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Combining Diacritical Marks

Range: 0300—036F Quantity of characters: 112

Ordinary diacritics

̀
U+0300
́
U+0301
̂
U+0302
̃
U+0303
̄
U+0304
̅
U+0305
̆
U+0306
̇
U+0307
̈
U+0308
̉
U+0309
̊
U+030A
̋
U+030B
̌
U+030C
̍
U+030D
̎
U+030E
̏
U+030F
̐
U+0310
̑
U+0311
̒
U+0312
̓
U+0313
̔
U+0314
̕
U+0315
̖
U+0316
̗
U+0317
̘
U+0318
̙
U+0319
̚
U+031A
̛
U+031B
̜
U+031C
̝
U+031D
̞
U+031E
̟
U+031F
̠
U+0320
̡
U+0321
̢
U+0322
̣
U+0323
̤
U+0324
̥
U+0325
̦
U+0326
̧
U+0327
̨
U+0328
̩
U+0329
̪
U+032A
̫
U+032B
̬
U+032C
̭
U+032D
̮
U+032E
̯
U+032F
̰
U+0330
̱
U+0331
̲
U+0332
̳
U+0333

Overstruck diacritics

̴
U+0334
̵
U+0335
̶
U+0336
̷
U+0337
̸
U+0338

Miscellaneous additions

̹
U+0339
̺
U+033A
̻
U+033B
̼
U+033C
̽
U+033D
̾
U+033E
̿
U+033F

Vietnamese tone marks

̀
U+0340
́
U+0341

Additions for Greek

͂
U+0342
̓
U+0343
̈́
U+0344
ͅ
U+0345

Additions for IPA

͆
U+0346
͇
U+0347
͈
U+0348
͉
U+0349
͊
U+034A

IPA diacritics for disordered speech

͋
U+034B
͌
U+034C
͍
U+034D
͎
U+034E

Grapheme joiner

͏
U+034F

Additions for the Uralic Phonetic Alphabet

͐
U+0350
͑
U+0351
͒
U+0352
͓
U+0353
͔
U+0354
͕
U+0355
͖
U+0356
͗
U+0357

Miscellaneous additions

͘
U+0358
͙
U+0359
͚
U+035A
͛
U+035B

Double diacritics

͜
U+035C
͝
U+035D
͞
U+035E
͟
U+035F
͠
U+0360
͡
U+0361
͢
U+0362

Medieval superscript letter diacritics

ͣ
U+0363
ͤ
U+0364
ͥ
U+0365
ͦ
U+0366
ͧ
U+0367
ͨ
U+0368
ͩ
U+0369
ͪ
U+036A
ͫ
U+036B
ͬ
U+036C
ͭ
U+036D
ͮ
U+036E
ͯ
U+036F

Combining Diacritical Marks is a Unicode block containing the most common combining characters. It also contains the Combining Grapheme Joiner, which prevents canonical reordering of combining characters, and despite the name, actually separates characters that would otherwise be considered a single grapheme in a given context.

A diacritic /daɪ.əˈkrɪtɨk/ – also diacritical mark, diacritical point, or diacritical sign – is a glyph added to a letter, or basic glyph. The term derives from the Greek διακριτικός (diakritikós, «distinguishing», from ancient Greek διά (diá, through) and κρίνω (krínein, to separate)). Diacritic is primarily an adjective, though sometimes used as a noun, whereas diacritical is only ever an adjective. Some diacritical marks, such as the acute (´) and grave (`), are often called accents. Diacritical marks may appear above or below a letter, or in some other position such as within the letter or between two letters.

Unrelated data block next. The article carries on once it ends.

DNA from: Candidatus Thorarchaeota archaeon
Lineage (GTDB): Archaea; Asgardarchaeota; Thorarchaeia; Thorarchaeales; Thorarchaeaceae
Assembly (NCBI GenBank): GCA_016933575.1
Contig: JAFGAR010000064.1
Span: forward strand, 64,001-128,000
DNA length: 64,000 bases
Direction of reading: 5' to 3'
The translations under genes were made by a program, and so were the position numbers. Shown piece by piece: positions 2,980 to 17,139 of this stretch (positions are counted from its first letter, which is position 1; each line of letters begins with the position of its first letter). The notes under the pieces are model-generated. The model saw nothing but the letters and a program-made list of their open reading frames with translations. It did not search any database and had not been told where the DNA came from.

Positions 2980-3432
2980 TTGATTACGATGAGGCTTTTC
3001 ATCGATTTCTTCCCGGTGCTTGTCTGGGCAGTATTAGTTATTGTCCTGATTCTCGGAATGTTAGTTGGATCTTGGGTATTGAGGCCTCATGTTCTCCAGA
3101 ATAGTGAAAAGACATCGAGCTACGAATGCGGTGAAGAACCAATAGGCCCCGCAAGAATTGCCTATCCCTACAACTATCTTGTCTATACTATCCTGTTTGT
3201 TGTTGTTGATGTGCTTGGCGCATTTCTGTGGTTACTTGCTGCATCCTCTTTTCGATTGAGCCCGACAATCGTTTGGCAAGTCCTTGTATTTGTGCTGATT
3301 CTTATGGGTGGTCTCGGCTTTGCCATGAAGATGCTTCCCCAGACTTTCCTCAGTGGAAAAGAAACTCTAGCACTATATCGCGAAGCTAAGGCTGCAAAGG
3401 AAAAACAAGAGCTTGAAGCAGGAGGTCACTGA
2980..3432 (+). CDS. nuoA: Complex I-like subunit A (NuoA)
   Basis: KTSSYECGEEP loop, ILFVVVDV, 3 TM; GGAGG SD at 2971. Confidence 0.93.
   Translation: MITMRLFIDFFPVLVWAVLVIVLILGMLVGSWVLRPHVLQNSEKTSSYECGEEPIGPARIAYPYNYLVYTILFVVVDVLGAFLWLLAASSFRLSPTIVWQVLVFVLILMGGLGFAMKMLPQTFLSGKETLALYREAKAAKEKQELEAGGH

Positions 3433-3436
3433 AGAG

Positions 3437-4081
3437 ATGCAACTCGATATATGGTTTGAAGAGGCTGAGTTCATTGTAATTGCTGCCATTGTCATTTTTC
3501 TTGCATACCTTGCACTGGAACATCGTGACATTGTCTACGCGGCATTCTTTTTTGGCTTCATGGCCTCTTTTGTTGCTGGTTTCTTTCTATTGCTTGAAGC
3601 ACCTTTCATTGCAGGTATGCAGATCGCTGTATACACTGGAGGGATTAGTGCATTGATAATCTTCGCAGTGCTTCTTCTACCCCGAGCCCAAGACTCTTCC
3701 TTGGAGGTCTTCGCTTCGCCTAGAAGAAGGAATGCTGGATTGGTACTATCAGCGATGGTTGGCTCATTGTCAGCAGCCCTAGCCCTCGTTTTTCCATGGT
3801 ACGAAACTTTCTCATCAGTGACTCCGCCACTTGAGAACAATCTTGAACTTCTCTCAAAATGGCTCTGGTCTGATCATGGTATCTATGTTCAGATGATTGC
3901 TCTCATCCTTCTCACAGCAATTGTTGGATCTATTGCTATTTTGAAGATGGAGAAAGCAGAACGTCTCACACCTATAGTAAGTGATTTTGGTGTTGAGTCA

The main use of diacritical marks in the Latin script is to change the sound-values of the letters to which they are added. Examples from English are the diaereses in naïve and Noël, which show that the vowel with the diaeresis mark is pronounced separately from the preceding vowel; the acute and grave accents, which can indicate that a final vowel is to be pronounced, as in saké and poetic breathèd; and the cedilla under the «c» in the borrowed French word façade, which shows it is pronounced /s/ rather than /k/. In other Latin alphabets, they may distinguish between homonyms, such as the French là (»there») versus la (»the»), which are both pronounced . In Gaelic type, a dot over a consonant indicates lenition of the consonant in question.

In other alphabetic systems, diacritical marks may perform other functions. Vowel pointing systems, namely the Arabic harakat ( ـَ, ـُ, ـُ, etc.) and the Hebrew niqqud ( ַ, ֶ, ִ, ֹ , ֻ, etc.) systems, indicate sounds (vowels and tones) that are not conveyed by the basic alphabet. The Indic virama ( ् etc.) and the Arabic sukūn ( ـْـ ) mark the absence of a vowel. Cantillation marks indicate prosody. Other uses include the Early Cyrillic titlo ( ◌҃ ) and the Hebrew gershayim ( ״ ), which, respectively, mark abbreviations or acronyms, and Greek diacritical marks, which showed that letters of the alphabet were being used as numerals. In the Hanyu Pinyin official romanization system for Chinese, diacritics are used to mark the tones of the syllables in which the marked vowels occur.

In orthography and collation, a letter modified by a diacritic may be treated either as a new, distinct letter or as a letter–diacritic combination. This varies from language to language, and may vary from case to case within a language.

In some cases, letters are used as «in-line diacritics» in place of ancillary glyphs, because they modify the sound of the letter preceding them, as in the case of the «h» in English «sh» and «th».

Unicode: